This picture shows that the TS Easy Print driver is installed.
The mstsc window is made smaller and the theme of the printer preferences window is different. This shows that the printing preferences window is running on the TS client machine!
The second piece is the ability to send a print job from the server to the client and reliably print the job. To do so, we take advantage of Microsoft's new document format, XPS (http://microsoft.com/xps). When redirecting print jobs, on the server, we create an XPS file using the preferences the user has selected, send the XPS file to the client, and, with the help of other printing components, print the job on the appropriate printer. XPS has the advantage of being a document format that encapsulates printing preferences and document data. That, plus the fact that XPS comes with Windows, makes using XPS to transport printing data a very logical mechanism. The dependencies on the XPS format are what necessitate the installation of .NET Framework 3.0 SP1 on the TS client machine.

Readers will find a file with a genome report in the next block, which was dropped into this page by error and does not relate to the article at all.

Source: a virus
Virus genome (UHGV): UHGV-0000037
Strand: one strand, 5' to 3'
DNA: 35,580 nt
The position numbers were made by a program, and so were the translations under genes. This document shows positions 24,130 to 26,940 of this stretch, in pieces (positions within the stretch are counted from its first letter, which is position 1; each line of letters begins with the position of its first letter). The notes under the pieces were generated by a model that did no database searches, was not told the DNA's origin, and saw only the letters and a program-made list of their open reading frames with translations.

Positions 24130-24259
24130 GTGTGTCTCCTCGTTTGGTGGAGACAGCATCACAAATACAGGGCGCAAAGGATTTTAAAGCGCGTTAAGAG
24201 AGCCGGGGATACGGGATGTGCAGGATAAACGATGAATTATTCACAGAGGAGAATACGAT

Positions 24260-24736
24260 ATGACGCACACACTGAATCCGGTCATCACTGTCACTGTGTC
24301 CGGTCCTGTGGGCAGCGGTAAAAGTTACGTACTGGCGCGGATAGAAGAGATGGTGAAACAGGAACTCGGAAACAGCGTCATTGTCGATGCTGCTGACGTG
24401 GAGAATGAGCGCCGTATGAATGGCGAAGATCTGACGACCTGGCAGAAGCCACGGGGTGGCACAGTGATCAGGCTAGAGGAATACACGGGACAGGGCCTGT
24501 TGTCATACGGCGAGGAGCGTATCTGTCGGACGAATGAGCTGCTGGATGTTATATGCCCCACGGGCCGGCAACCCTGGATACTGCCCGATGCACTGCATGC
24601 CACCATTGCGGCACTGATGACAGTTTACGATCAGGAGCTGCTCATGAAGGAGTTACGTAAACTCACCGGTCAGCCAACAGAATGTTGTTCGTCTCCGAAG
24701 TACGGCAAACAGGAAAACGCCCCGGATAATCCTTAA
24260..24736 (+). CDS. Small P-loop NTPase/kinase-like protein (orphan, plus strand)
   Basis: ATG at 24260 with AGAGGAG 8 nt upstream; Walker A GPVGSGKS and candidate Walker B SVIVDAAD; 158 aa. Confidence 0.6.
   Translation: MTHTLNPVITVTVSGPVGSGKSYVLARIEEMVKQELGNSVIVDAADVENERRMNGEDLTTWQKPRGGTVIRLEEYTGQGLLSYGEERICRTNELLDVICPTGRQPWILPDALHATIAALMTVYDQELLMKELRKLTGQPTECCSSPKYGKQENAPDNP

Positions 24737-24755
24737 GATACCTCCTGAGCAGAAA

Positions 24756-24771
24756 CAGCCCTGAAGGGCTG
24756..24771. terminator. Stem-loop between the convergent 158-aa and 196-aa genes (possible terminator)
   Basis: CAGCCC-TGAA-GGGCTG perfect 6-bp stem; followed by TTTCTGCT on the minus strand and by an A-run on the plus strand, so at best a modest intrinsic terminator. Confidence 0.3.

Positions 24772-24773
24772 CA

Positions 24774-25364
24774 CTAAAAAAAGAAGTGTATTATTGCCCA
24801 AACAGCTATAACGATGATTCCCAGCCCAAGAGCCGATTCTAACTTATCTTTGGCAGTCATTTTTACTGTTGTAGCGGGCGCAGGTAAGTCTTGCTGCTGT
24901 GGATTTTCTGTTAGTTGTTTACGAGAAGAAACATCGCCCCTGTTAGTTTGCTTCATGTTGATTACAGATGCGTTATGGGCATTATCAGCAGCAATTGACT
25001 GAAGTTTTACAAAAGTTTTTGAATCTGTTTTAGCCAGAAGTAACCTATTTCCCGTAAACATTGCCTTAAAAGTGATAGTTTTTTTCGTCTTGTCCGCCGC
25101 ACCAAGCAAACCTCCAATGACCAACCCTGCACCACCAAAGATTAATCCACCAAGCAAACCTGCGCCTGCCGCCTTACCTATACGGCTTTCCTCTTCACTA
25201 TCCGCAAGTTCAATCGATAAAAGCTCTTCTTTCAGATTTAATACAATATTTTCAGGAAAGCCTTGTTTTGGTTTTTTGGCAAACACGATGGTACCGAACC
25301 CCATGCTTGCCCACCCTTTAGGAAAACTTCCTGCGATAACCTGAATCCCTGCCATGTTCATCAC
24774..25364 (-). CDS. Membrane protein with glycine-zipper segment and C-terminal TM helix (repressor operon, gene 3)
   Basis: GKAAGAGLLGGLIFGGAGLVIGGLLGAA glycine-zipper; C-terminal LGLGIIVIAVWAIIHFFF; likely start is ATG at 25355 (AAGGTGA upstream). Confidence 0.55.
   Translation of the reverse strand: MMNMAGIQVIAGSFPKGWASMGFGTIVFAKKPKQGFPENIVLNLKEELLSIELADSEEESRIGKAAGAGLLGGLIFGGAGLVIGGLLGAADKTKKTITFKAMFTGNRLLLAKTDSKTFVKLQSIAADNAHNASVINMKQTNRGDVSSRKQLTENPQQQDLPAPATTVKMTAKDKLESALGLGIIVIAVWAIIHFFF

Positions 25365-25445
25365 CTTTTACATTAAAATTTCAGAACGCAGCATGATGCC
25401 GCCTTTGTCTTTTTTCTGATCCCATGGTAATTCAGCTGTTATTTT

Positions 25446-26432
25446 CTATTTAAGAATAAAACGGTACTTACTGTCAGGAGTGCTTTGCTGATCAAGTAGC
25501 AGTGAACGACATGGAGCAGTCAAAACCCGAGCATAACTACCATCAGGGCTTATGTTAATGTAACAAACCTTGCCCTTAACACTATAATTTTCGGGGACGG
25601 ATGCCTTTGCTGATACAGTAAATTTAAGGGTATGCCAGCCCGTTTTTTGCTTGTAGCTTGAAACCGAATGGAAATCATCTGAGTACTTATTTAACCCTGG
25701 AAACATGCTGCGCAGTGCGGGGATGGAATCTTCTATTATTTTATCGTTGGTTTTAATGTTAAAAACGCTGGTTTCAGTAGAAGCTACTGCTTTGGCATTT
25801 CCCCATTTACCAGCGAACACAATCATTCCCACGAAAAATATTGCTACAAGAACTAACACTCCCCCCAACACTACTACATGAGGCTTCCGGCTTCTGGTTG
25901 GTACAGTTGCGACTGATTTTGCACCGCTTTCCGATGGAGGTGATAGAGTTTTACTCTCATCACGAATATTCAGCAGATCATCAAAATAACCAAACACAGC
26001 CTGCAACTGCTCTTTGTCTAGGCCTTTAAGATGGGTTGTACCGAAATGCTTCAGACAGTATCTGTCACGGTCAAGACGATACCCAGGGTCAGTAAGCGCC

As of now (04/27/07), the only platform that can be used as the client computer is Longhorn Server Beta 3. As mentioned in the “What is needed to use TS Easy Print”, more platforms will be made available. On the Longhorn Server Beta 3 client computer, the one additional step needed to ensure that printers are redirected over TS Easy Print is to install .NET Framework 3.0 (SP1). There are two ways to do this: